We have some good news to report -- Tifereth Israel Town & Village Synagogue at 334 East 14th Street is FINALLY scheduled for a vote on proposed landmark designation tomorrow, Tuesday, October 27th at 9:45 am (calendar here; public meeting item #2). GVSHP and fellow preservationists and East Village groups pushed to have the bui lding landmarked after the historic 150-year-old East Village synagogue was advertised for sale in 2013.
The synagogue was first built in 1866 as the First German Baptist Church; in 1926 it became the Ukrainian Autocephalic Church of St. Volodymyr; and in 1962 it became the Town & Village Synagogue, reflecting the successive waves of immigration and ethnic change that have swept over the East Village. Shortly after New York's landmarks law was adopted in 1965, Tifereth Israel was formally heard and considered for landmark designation, but never received a vote. However, it did remain officially "calendared" by the LPC, or formally under consideration for landmark designation, making it perhaps the longest time any building in New York has remained in "landmarks limbo."
GVSHP and our allies have been waging a campaign to get the Landmarks Preservation Commission to vote on landmarking the building. A new public hearing on landmarking the building was held on March 25, 2014, at which GVSHP and many supporters urged the Commission to vote in favor of designation (read GVSHP's testimony here). GVSHP has conducted extensive research into the building's unique architecture and history, and argued for its significance and the merit of its prese rvation, as well as generating hundreds of letters to the Landmarks Preservation Commission (LPC) urging designation. When new LPC Chair Meenakshi Srinivasan was appointed in July, GVSHP immediately reached out to the new Chair and urged her to finally move ahead with a vote on designating the building.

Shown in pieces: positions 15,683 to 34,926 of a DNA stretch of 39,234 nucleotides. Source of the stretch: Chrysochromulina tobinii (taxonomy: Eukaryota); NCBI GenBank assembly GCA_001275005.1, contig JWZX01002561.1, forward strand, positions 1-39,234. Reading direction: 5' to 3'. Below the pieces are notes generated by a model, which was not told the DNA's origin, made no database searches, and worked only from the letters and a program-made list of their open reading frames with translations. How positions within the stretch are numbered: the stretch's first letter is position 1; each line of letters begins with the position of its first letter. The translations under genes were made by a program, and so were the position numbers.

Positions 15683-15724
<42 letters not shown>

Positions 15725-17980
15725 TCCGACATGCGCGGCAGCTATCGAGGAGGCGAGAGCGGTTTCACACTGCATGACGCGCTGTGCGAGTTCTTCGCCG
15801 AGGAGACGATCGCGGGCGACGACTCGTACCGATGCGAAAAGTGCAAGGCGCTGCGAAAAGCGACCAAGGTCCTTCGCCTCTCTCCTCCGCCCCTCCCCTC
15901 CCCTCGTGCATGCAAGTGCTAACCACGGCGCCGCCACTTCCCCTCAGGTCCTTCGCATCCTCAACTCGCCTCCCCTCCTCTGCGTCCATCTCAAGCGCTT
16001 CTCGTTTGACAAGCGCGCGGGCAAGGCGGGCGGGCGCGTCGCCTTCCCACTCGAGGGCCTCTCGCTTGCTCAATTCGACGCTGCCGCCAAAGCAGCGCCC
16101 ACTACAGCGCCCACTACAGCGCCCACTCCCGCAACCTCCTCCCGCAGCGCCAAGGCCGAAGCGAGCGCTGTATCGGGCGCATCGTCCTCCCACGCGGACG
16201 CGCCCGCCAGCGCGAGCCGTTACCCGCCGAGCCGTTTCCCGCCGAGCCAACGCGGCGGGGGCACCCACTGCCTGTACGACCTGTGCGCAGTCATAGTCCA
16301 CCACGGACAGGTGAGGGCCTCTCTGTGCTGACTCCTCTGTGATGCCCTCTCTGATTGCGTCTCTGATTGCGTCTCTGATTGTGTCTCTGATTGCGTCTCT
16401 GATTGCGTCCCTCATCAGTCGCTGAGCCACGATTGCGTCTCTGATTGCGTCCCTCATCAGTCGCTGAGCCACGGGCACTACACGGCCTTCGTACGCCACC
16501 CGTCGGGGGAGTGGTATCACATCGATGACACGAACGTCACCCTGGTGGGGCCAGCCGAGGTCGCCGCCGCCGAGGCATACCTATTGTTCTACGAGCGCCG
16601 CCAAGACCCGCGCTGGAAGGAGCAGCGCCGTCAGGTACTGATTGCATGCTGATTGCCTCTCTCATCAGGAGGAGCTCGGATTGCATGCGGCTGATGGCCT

At tomorrow's meeting (which the public can attend but at which it cannot speak), the LPC could vote to landmark the historic structure, vote not to landmark, vote to landmark part of the structure (a rear section of the synagogue was built somewhat later, which some have proposed excluding from landmark designation), or could defer again on voting.
For more information on the history of the Tifereth Israel Town & Village Synagogue building and the effort to preserve it, click here.